In the February 2013 issue of The New Criterion, James Bowman, media critic for that indispensable periodical, comments on a media scandal currently brewing in Great Britain. The trouble is, most of the panjandrums in the London press don’t regard it as a media scandal at all. To them the blow-up started off as a political scandal and transmogrified into a police scandal—but, since few people on this side of the Atlantic have ever heard of these goings-on, I must first describe the events in question.
Here’s what happened: late last year Andrew Mitchell, a Tory MP and, indeed, Chief Whip, bicycled to a meeting at 10 Downing Street, which hardly seems scandalous. On the contrary, it made him seem a “man of the people” who was concerned about “lowering his carbon footprint,” etc. But when he attempted to leave 10 Downing on the Westminster side, he was blocked by a recently installed security gate.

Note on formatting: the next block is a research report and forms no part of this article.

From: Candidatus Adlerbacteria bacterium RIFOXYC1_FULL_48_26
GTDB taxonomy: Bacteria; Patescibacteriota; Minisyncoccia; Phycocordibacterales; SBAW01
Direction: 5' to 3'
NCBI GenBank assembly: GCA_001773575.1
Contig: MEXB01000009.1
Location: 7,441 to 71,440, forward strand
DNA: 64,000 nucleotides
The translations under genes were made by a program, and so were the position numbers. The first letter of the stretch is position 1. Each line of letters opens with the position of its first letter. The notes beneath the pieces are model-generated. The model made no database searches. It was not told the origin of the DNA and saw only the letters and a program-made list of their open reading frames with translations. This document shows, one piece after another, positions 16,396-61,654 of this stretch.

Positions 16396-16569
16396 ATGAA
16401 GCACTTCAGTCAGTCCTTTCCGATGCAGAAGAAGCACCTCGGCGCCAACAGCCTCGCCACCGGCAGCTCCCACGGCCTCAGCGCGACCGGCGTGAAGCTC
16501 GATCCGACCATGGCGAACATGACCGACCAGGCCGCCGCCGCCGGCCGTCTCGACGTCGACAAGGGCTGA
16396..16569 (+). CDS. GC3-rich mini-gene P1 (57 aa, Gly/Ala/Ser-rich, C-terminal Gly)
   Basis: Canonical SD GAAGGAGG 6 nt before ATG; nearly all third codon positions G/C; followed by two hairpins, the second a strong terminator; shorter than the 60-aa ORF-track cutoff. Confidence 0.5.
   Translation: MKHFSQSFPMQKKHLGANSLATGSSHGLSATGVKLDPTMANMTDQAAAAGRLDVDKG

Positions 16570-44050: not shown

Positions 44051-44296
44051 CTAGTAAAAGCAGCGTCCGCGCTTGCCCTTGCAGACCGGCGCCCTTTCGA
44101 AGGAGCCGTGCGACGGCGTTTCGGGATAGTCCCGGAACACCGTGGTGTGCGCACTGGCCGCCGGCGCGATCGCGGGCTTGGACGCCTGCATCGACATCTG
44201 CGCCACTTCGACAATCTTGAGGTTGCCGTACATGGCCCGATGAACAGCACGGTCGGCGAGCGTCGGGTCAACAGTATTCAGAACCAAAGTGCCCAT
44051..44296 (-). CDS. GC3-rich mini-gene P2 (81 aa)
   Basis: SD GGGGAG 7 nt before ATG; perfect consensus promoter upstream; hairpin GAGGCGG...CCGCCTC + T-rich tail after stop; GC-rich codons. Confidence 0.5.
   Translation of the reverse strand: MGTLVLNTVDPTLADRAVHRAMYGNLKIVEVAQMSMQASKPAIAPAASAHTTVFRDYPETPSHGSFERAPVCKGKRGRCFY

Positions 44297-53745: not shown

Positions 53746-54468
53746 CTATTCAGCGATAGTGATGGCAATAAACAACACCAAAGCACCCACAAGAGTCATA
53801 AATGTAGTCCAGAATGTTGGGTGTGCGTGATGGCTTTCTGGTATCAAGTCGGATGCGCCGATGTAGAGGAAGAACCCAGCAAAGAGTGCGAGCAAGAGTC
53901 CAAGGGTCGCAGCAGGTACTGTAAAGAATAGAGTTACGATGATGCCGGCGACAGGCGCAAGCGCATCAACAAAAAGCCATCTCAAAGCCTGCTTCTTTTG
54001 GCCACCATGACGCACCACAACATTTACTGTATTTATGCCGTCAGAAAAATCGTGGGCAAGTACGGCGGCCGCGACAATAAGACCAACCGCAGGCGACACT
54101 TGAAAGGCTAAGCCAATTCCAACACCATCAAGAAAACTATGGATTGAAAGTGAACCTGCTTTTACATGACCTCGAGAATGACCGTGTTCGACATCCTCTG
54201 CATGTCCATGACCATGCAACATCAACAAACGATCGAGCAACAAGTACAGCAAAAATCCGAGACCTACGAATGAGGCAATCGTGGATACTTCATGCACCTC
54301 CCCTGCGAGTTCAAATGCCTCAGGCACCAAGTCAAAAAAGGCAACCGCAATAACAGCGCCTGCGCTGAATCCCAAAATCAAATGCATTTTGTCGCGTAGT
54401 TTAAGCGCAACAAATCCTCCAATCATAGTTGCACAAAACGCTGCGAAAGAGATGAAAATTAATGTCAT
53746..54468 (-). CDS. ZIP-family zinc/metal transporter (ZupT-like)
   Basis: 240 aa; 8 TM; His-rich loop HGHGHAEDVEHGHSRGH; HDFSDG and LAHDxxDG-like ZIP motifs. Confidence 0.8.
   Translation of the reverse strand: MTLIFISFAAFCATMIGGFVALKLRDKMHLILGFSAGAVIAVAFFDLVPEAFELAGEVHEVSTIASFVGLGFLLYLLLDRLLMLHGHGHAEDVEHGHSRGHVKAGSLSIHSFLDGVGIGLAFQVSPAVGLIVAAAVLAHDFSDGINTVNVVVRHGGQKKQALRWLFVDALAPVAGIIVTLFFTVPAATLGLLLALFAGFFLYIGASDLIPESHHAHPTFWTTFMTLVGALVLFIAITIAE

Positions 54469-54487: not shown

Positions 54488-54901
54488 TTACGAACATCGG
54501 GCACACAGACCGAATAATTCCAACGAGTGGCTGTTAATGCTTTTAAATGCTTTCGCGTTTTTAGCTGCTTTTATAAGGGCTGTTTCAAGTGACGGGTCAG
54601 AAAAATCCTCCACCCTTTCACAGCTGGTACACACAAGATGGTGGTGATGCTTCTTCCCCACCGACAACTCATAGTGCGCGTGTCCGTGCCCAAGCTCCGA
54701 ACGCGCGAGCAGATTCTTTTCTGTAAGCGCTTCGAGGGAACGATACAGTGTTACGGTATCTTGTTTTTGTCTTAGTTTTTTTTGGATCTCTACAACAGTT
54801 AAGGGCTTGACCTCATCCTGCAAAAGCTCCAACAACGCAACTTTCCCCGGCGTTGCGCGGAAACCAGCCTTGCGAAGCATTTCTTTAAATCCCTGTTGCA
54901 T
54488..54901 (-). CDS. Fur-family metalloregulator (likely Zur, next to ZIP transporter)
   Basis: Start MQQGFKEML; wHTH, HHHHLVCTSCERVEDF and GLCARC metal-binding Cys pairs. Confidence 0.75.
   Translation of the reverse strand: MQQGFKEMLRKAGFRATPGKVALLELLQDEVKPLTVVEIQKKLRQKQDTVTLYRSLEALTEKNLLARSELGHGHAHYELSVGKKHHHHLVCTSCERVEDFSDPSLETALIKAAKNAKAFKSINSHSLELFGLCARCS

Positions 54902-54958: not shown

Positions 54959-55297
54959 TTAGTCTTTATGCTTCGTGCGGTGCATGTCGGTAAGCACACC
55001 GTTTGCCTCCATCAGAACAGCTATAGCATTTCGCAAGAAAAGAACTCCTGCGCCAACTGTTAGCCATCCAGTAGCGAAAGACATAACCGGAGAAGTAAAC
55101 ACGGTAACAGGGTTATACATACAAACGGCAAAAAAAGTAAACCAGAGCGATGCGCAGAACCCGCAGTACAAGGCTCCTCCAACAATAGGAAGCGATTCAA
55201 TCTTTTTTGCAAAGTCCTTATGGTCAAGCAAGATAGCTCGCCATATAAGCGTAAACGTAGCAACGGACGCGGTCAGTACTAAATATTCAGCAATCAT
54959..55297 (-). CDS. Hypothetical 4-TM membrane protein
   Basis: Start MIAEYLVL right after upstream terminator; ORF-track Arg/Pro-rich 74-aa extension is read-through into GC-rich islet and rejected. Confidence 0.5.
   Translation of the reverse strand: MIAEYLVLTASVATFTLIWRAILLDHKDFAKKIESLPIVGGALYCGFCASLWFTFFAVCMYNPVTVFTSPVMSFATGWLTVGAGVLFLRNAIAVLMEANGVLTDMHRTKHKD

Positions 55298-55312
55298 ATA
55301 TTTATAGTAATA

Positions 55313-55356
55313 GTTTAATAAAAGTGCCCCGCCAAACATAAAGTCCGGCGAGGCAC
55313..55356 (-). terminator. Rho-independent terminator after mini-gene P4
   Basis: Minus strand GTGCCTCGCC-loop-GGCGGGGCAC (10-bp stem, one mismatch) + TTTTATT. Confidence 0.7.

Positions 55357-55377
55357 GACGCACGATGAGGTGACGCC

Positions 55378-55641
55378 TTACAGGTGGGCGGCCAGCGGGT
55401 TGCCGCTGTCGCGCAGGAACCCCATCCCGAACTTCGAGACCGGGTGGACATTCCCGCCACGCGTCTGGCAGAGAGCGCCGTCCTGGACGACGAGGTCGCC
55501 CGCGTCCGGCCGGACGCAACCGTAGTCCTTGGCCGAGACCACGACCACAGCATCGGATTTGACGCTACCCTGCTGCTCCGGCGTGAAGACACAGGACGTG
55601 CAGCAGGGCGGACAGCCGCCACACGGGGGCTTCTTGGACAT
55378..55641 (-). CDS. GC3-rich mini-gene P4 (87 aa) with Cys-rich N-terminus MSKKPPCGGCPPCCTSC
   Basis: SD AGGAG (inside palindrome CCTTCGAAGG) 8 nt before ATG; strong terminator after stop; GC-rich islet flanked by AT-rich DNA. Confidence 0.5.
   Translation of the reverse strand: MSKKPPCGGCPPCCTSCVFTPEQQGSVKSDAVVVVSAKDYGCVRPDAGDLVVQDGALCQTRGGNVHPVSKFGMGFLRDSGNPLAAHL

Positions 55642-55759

According to police reports, when told by the guard to dismount and go through a different exit, he began to shout obscenities at the police and even insulted the officers by calling them—horror of horrors—plebs. Allegedly, some onlookers claimed to be shocked by this loutish behavior, prompting one of them to write to his own MP to complain. The man’s email was of course leaked to the press, as was the police log of the incident; since the stories jibed, Mitchell was eventually forced to resign his post as Chief Whip in the wake of what inevitably came to be called Plebgate—despite his vociferous denials that any such contretemps had occurred. Bowman picks up the story from there: